Parents Get In on the Job Search

May 25, 2011 ( – A new OfficeTeam survey finds some parents take “helping” too far and can hurt their children’s chances for getting a job.

Some of the most unusual or surprising behavior from parents of job seekers cited by executives surveyed included: 

  • “One parent wanted to sit in during the interview.” 
  • “A parent called a politician to push me to hire his son.” 
  • “A mother submitted her daughter’s resume on her behalf.” 
  • “Someone stopped an employer at a grocery store to ask that person to hire her child.” 
  • “A parent called to ask about a job applicant’s work schedule and salary.” 
  • “A parent called during the interview to try to push me to hire her daughter.”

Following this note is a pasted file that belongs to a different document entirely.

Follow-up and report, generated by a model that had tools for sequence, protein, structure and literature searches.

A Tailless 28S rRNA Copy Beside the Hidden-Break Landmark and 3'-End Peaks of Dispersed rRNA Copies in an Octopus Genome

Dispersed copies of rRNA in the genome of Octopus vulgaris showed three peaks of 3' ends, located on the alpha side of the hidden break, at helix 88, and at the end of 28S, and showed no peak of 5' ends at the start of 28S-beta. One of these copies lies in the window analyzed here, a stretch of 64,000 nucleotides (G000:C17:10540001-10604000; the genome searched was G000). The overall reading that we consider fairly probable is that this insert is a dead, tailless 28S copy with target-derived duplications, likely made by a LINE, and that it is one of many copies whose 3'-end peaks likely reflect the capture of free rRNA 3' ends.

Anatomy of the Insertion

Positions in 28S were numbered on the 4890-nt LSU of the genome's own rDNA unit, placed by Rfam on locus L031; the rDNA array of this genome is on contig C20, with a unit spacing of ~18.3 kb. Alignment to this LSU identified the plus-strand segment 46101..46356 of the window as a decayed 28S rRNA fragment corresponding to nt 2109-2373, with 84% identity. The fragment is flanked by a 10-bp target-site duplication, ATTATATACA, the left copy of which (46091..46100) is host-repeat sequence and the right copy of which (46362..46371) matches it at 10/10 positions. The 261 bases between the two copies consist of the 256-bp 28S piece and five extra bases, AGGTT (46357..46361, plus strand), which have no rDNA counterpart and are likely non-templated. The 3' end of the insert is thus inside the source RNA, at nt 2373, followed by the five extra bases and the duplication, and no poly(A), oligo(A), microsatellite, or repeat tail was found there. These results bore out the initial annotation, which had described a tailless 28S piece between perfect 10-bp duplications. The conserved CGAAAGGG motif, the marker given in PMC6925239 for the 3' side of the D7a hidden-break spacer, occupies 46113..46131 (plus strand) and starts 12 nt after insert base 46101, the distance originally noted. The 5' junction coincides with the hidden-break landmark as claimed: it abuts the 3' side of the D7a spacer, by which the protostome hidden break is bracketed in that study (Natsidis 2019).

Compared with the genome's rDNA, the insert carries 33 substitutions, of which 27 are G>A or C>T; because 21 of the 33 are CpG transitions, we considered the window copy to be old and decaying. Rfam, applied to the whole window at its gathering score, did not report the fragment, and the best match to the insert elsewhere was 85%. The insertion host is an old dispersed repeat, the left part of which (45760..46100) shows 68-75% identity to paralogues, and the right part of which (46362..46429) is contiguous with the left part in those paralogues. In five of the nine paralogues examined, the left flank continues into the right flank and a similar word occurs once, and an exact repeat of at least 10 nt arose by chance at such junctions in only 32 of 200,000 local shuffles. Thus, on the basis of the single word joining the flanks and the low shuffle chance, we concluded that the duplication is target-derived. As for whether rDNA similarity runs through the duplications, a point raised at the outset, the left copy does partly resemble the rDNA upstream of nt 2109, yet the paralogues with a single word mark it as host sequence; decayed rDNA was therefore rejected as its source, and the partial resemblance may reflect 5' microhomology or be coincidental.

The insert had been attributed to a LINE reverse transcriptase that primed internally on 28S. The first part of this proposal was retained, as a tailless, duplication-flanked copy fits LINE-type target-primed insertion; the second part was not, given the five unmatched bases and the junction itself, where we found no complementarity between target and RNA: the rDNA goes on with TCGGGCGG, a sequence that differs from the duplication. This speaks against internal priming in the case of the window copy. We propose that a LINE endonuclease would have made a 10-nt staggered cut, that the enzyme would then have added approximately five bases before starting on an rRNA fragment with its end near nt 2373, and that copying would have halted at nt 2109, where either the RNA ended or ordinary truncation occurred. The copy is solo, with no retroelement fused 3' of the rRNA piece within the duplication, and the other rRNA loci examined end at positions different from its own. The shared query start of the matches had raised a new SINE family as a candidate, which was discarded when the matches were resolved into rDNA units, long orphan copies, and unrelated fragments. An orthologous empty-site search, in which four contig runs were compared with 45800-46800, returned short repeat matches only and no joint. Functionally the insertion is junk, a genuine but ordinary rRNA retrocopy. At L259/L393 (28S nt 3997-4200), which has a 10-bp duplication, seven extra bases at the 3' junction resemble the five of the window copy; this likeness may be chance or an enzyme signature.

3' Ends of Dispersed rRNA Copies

• “I received a call from a father asking about the status of his son’s application.” 
  • “A parent came by my desk and told me that he expected his daughter to get preference for a position since he was a manager at the company.” 
  • “A mother called to ask how her child did in the job interview.” 
  • “A parent called to find out why we did not hire her son and why we felt he was not qualified.” 


“Although most parents mean well, those who become overly involved in a child’s job search can derail their son or daughter’s prospects of being hired because companies may question the applicant’s level of independence and maturity,” said Robert Hosking, executive director of OfficeTeam, in a press release.  

The survey was conducted by an independent research firm and is based on telephone interviews with more than 1,300 senior managers at companies with 20 or more employees in the United States and Canada.